Disputed Amount Still Not A Defense To Foreclosure


1 August, 2011


Mortgage Lender and Servicer Alerts

It is a borrower’s common – almost typical – claimed defense to a mortgage foreclosure action: “I don’t owe the amount the lender says”.  This can take any number of forms.  Among others, it might be the borrower’s assertion that no, he did not miss four payments, only two; or that the lender failed to account in computing the principal balance for three payments the borrower says he remitted last year; or that the lender is calculating interest at the wrong percentage or from the wrong date.

Howsoever the borrower may express it – and even if the borrower is correct – it is not a defense to a mortgage foreclosure, as a recent case confirms anew.  [The Board of Managers of Village Mall at Hillcrest Condominium v. Dadon, 2010 WL 5173180 (N.Y. Sup.)].

While this case involved foreclosure of a condominium common charge lien, the principle is the same.  Here, the borrower had answered the complaint and in opposition to the foreclosing plaintiff’s motion for summary judgment argued that he owed a lesser sum than the plaintiff recited.  Not a defense ruled the court – once there is an entitlement to foreclosure, that is, where there has been a default, then a discrepancy among the figures cannot invalidate the action.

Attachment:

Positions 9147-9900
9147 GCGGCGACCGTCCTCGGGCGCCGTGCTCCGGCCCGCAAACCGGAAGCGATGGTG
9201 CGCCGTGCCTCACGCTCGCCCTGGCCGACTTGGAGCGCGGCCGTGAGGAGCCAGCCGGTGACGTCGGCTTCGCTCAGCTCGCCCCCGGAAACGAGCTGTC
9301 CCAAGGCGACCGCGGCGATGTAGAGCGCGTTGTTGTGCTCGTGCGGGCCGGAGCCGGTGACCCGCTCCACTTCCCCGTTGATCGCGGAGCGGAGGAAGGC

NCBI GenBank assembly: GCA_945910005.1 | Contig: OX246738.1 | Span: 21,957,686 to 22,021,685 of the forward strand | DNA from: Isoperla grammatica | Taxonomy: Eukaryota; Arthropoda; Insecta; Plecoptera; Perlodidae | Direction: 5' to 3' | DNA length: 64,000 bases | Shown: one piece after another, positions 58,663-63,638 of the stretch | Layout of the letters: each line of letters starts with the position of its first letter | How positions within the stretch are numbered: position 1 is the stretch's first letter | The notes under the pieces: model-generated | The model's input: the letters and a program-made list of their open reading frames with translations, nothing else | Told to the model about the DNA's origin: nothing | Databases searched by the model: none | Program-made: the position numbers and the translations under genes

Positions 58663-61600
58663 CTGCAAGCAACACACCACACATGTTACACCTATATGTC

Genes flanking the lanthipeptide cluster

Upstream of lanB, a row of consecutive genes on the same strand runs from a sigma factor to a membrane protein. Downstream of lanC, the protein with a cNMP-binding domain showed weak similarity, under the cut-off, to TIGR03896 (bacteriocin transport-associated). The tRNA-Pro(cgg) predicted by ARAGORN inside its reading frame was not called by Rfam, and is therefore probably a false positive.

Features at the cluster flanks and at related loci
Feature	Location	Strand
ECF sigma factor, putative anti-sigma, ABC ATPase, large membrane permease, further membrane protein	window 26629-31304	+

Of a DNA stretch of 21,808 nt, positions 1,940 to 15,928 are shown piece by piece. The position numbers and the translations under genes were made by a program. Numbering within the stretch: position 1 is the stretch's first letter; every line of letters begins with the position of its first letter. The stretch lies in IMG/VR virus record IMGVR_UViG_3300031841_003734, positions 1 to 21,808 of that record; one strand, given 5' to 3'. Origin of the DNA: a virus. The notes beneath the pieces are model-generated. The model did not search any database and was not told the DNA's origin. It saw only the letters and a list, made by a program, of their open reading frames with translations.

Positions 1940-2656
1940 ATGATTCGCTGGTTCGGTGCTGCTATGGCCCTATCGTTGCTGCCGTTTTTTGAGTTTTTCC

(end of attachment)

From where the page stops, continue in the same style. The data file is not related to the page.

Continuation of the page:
The key is that a dispute as to the exact amount owed cannot impede an award of summary judgment.  Computation, after all, is for the referee.  [For a more in depth review of this subject, see 2 Bergman on New York Mortgage Foreclosures §21.01[a1], LexisNexis Matthew Bender (rev. 2011)].

None of this is to suggest that lenders and servicers should reduce their vigilance in assuring that the sums claimed to have been missed and the amount due are correct.  But no matter what a defaulting borrower may say about the accuracy of the calculation, it is not the quantum of the default that permits a foreclosure.  It is the actuality of a default that is the basis to proceed, and the mechanics of computation is for a referee.

Mr. Bergman, author of the four-volume treatise, Bergman on New York Mortgage Foreclosures, LexisNexis Matthew Bender (rev. 2017), is a partner with Berkman, Henoch, Peterson, Peddy & Fenchel, P.C. in Garden City, New York. He is also a member of the USFN, The American College of Real Estate Lawyers, The American College of Mortgage Attorneys, an adviser to the New York Times on foreclosure issues and writes a regular servicing column for the New York Law Journal. He is AV rated by Martindale-Hubbell, his biography appears in Who’s Who In American Law and he has been for years listed in Best Lawyers In America and New York Super Lawyers.